"God wrote the universe in the language of mathematics"....Galileo
That about sums up [HA! pun intended] how early scientists felt about mathematics. They cherished it, they advanced it, they found in it an essential tool in revealing just how God worked. And that was their motive: to uncover the design of God and thereby give him praise. We've all seen those math formulas in which gravity, force, acceleration and everything else can be expressed with just a few variables. Why should that be? Why should things not be a hopeless mishmash, like our sock drawer? The answer is what Galileo said...God wrote the universe, and he used mathematics as a language.
Scientists commonly thought that way back then, much to the exasperation of today's atheists. When Kepler worked out the laws governing planetary motions [they move in ellipses, not circles] and published the results, he suddenly let loose with a paean to God, smack dab in the middle of his treatise. If you didn't know better, you'd think it was one of the Bible psalms. Would any scientist be caught dead doing such a thing today?
"The wisdom of the Lord is infinite; so also are His glory and His power. Ye heavens, sing His praises! Sun, moon, and planets glorify Him in your ineffable language! Celestial harmonies, all ye who comprehend His marvelous works, praise Him. And thou, my soul, praise thy Creator! It is by Him and in Him that all exists. that which we know best is comprised in Him, as well as in our vain science. To Him be praise, honor, and glory throughout eternity."
It's not bad. I'd put it with the Psalms, if it were my call. But nobody asked me.
Does it not dovetail with this one, which is in the Bible?
"You are worthy, Jehovah, even our God, to receive the glory and the honor and the power, because you created all things, and because of your will they existed and were created." Rev 4:11
Contrary to popular belief, those early scientists really didn't experiment much. Instead, they worked out the math, since they were convinced that was how God designed things. When they made experiments it was mostly to confirm results, or as Newton once said, to convince the "vulgar," [He also told how he made up the story of the falling apple to dispose of "stupid" people who asked him how he discovered laws of gravitation.] And Galileo, when describing an experiment of dropping two different masses from the top of a ship's mast, has his fictional creation, a fellow named Simplicio, [!] ask whether he actually made such an experiment. "No, and I do not need it, as without any experience I can confirm that it is so because it cannot be otherwise," was his reply. He worked mostly with mathematics.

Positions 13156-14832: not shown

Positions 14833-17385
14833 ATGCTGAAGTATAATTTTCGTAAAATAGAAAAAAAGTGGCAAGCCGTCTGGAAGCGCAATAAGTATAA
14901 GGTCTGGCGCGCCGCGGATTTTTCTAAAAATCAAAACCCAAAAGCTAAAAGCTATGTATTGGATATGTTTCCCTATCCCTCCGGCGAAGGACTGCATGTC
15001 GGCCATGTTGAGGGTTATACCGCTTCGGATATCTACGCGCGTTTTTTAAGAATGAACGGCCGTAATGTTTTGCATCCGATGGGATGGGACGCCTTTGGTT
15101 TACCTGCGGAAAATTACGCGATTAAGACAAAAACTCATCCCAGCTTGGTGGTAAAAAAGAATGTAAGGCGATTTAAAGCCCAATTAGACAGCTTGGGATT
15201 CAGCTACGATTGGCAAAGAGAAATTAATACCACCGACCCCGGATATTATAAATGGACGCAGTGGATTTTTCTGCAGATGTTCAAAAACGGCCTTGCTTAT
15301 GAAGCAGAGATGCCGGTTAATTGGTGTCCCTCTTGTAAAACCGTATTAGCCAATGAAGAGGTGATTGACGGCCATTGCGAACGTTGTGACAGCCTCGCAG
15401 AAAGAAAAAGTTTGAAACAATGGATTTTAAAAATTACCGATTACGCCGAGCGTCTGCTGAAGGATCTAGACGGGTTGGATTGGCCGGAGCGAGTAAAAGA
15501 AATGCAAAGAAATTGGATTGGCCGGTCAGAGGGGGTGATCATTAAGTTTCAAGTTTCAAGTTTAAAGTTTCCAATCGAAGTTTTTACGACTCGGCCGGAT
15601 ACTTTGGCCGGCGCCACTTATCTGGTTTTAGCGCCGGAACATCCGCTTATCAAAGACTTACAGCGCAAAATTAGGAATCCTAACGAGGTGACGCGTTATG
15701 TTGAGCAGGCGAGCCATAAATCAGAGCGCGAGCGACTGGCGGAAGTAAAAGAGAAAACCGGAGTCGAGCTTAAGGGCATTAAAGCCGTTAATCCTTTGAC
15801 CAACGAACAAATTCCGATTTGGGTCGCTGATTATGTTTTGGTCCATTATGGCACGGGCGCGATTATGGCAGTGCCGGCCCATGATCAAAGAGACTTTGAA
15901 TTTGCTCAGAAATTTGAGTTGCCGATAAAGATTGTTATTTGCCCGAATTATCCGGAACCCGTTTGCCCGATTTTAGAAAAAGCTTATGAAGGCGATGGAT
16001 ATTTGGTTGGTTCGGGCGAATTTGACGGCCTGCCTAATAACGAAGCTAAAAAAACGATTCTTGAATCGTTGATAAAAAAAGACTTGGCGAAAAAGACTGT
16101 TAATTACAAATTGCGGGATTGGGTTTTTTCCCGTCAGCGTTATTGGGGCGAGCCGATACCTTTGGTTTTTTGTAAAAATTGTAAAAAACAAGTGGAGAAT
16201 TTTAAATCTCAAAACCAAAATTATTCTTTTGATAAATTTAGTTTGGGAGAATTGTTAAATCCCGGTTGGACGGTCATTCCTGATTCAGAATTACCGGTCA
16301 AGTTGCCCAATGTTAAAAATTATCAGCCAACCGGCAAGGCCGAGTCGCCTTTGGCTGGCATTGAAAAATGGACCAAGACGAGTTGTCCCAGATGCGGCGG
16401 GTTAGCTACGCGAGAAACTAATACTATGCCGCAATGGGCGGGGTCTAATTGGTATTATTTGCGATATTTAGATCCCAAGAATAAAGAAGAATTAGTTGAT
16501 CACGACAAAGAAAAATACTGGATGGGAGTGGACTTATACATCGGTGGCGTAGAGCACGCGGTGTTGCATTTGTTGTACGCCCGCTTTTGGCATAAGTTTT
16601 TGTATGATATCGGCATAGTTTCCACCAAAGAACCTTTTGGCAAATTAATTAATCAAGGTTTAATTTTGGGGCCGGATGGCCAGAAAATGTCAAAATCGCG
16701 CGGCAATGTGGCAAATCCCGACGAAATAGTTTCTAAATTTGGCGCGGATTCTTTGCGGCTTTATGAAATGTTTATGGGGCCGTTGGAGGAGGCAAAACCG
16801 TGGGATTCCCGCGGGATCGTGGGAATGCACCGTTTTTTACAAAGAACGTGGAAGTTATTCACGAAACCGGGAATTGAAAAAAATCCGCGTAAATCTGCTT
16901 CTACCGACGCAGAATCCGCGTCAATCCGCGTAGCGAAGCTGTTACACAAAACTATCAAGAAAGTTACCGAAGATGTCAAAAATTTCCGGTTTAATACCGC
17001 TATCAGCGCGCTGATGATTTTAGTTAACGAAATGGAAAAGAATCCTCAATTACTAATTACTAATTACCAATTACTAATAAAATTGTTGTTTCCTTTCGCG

Accordingly, Isaac Newton played with the notion of firing a giant cannonball from a mountaintop with just enough velocity, not too much and not too little, that it's ordinary straight line path would be continually offset by the earth's pull so that it would orbit the planet indefinitely. Of course, he didn't actually perform such an experiment, it was all in his head. Working from a few known quantities (radius of the earth, distance a body falls in the first second) he deduced laws of universal gravitation, and, like Kepler, gave God all the glory:
"This most beautiful system of sun, planets, and comets could only proceed from the counsel and dominion of an intelligent and powerful Being...This Being governs all things, not as the soul of world, but Lord over all." Mathematical Principles, 2nd edition
Oddly, though mathematics has proven so astoundingly successful at describing the universe we live in, it's success lies in giving up on a greater goal. Long before Galileo, Aristotle and his contemporaries wanted to know what things were. They didn't bother much with description, since that seemed of secondary importance. Only when scientists reversed priorities did they discover mathematics served as an amazing tool of description, though not explanation. This lack of explanation was a sore point for some of Newton's contemporaries, steeped in the tradition of Aristotle. Leibniz, who independently of Newton, discovered calculus, groused that Newton's gravitational laws were merely rules of computation, not worthy of being called a law of nature. Huygens labeled the idea of gravitation "absurd" for the same reason: it described effects but did not explain how gravity worked.
Newton agreed. In a letter to a Richard Bentley he wrote: "That one body may act upon another at a distance through a vacuum without the mediation of anything else, by and through which their action and force may be conveyed form one to another, is to me so great an absurdity that, I believe, no man who has in philosophic matters a competent faculty of thinking could ever fall into it."
Describing how things work through mathematics has led to scientific triumphs that knock the socks off all of us, and contemporary scientists have gone far beyond Newton. Yet impressive as they are, are they anything more than cheap card tricks when compared to the goal of explaining why things work? Is the latter reserved for the mind of God?
O the depth of God’s riches and wisdom and knowledge! How unsearchable his judgments [are] and past tracing out his ways [are]! For “who has come to know Jehovah’s mind, or who has become his counselor?” Or, “Who has first given to him, so that it must be repaid to him?” Because from him and by him and for him are all things. To him be the glory forever. Amen Rom 11:33-36
Many of the particulars here are found in the book Mathematics and the Search for Knowledge, by Morris Kline.
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